Electronic Arts Drops as Forecasts Misses Analysts’ Views
Electronic Arts Inc. (EA), the second- largest U.S. video-game publisher, tumbled after its forecasts for the current quarter and fiscal year fell short of analysts’ estimates. The company plans to cut jobs.
Electronic Arts, based in Redwood City, California, dropped 4.3 percent to $14.48 in New York, for the lowest closing price since July 6, 2010. In a statement yesterday, the company forecast a fiscal first-quarter loss of 40 to 45 cents a share, excluding items. Analysts on average had estimated a loss of 33 cents, according to data compiled by Bloomberg.
The publisher of “FIFA” soccer and a “Star Wars” multiplayer online game is grappling with shrinking sales of packaged games and will incur a $40 million charge to cut jobs and terminate licenses in that older business. A new online title from PopCap Games, a company acquired last year for as much as $1.3 billion, won’t be out this quarter, said Michael Pachter, an analyst with Wedbush Securities.
“They planned on a PopCap social game this quarter, which is clearly not happening,” Pachter said in an interview. “There’s also probably a bit of conservatism at play here.”
Sales for the fiscal first quarter ending June 30, excluding items such as changes in deferred revenue, will be about $500 million, Electronic Arts said. Analysts were predicting $586.6 million on that basis.
Retail sales in the current quarter are being hurt by a lack of titles in comparison to a year ago, when “Dead Space 2” and other properties were released, Chief Executive Officer John Riccitiello said yesterday on a conference call.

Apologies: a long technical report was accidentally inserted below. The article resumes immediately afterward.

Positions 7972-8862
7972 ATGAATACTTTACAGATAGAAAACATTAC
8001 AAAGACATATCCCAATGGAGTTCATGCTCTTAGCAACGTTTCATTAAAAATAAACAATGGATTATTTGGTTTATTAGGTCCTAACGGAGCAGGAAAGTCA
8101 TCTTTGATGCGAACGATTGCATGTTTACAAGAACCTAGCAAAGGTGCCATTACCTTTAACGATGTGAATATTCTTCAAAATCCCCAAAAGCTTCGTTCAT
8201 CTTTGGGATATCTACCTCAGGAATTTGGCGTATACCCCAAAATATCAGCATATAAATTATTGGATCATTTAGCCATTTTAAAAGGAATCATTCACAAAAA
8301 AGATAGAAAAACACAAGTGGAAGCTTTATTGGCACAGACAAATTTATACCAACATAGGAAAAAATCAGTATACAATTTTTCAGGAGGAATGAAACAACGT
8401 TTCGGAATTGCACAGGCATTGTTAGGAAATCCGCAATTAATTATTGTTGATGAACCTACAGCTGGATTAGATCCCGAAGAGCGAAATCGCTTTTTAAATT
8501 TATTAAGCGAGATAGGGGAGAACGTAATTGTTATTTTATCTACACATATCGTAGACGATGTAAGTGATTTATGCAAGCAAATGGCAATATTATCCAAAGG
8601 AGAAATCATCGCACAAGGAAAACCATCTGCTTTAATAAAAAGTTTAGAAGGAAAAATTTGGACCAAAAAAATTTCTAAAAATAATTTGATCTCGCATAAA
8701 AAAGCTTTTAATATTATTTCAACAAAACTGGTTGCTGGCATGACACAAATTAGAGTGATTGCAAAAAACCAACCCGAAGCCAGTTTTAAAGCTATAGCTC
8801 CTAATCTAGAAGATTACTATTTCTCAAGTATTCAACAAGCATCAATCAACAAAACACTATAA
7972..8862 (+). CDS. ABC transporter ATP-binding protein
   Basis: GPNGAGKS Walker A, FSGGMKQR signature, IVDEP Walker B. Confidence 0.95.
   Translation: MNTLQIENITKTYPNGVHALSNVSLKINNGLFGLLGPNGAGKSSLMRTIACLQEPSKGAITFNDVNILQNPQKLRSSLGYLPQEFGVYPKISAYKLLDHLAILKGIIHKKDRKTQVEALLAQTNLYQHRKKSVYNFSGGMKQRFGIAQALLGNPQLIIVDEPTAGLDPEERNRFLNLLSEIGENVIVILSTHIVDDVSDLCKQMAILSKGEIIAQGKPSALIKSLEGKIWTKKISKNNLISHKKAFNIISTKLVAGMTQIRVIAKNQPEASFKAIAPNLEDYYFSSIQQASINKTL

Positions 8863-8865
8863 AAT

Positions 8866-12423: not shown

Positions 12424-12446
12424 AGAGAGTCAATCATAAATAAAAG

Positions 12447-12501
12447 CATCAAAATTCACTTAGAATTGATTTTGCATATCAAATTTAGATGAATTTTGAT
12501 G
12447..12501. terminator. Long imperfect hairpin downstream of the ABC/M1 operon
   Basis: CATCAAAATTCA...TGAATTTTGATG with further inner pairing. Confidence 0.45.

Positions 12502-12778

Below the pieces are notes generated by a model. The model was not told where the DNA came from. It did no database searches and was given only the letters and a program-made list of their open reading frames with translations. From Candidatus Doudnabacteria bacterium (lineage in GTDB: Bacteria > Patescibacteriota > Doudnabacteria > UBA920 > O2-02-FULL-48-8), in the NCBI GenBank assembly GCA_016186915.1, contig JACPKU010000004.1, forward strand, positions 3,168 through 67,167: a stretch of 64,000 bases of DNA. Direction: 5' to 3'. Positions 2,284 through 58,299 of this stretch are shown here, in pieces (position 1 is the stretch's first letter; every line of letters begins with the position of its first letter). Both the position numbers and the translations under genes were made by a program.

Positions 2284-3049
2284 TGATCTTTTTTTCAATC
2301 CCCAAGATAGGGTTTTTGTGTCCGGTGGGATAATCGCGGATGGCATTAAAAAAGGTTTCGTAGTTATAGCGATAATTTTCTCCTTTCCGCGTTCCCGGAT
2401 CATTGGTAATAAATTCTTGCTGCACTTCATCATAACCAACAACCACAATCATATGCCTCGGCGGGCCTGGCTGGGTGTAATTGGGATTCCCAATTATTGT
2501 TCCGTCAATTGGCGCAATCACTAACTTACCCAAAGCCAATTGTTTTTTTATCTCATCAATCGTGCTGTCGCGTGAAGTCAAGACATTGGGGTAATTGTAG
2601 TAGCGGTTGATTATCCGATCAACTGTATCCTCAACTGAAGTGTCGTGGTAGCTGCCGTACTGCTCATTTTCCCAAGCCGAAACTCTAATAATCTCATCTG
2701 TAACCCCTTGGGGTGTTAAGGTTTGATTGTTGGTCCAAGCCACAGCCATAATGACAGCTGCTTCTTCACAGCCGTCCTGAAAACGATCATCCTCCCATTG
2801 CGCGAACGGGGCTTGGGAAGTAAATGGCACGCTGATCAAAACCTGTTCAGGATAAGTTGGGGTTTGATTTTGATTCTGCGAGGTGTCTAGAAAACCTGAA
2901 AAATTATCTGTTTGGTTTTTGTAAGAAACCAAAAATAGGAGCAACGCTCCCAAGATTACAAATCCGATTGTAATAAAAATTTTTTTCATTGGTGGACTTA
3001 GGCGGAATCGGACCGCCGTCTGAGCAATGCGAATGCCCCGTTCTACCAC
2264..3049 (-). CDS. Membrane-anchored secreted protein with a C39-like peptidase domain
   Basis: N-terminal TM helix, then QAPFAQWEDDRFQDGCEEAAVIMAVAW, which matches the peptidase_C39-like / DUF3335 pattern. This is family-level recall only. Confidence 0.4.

Electronic Arts is seeing double-digit growth in sales of mobile games, titles played for free on social sites such as Facebook Inc. and on company websites, Riccitiello said.
The company will end the year with about the same number of employees as it continues hiring outside the package goods area, according to John Reseburg, a spokesman.
Riccitiello also said the company, as it balances research and development priorities, will delay a major title into the next fiscal year. He declined to identify the game. The company is spending $80 million this year related to titles for a new generation of consoles, he said on the call.
Electronic Arts projected $4.3 billion in adjusted revenue for the year, short of the $4.51 billion average estimate of 20 analysts. The company forecasts full-year adjusted profit of $1.05 to $1.20 a share, compared with $1.16 seen by analysts.
Fiscal fourth-quarter net income rose to $400 million, or $1.20 a share, in the period ended March 31, from $151 million, or 45 cents, a year earlier, Electronic Arts said. Profit minus some items totaled 17 cents, beating the 16-cent average of 20 analysts’ estimates compiled by Bloomberg.
Sales excluding items such as changes in deferred revenue totaled $977 million, topping analysts’ projections of $958.4 million. Total sales increased 26 percent to $1.37 billion, from $1.09 billion a year earlier.
Electronic Arts has increasingly made its products, once sold only as packaged goods, available over the Internet as consumers spend more money on games online. The company signed up more than 1.3 million active users for its “Star Wars: The Old Republic” multiplayer game, down from the 1.7 million users it reported in March. The game competes with Activision Blizzard Inc. (ATVI)’s “World of Warcraft.”
Digital sales for the quarter nearly doubled to $419 million from $211 million a year ago.
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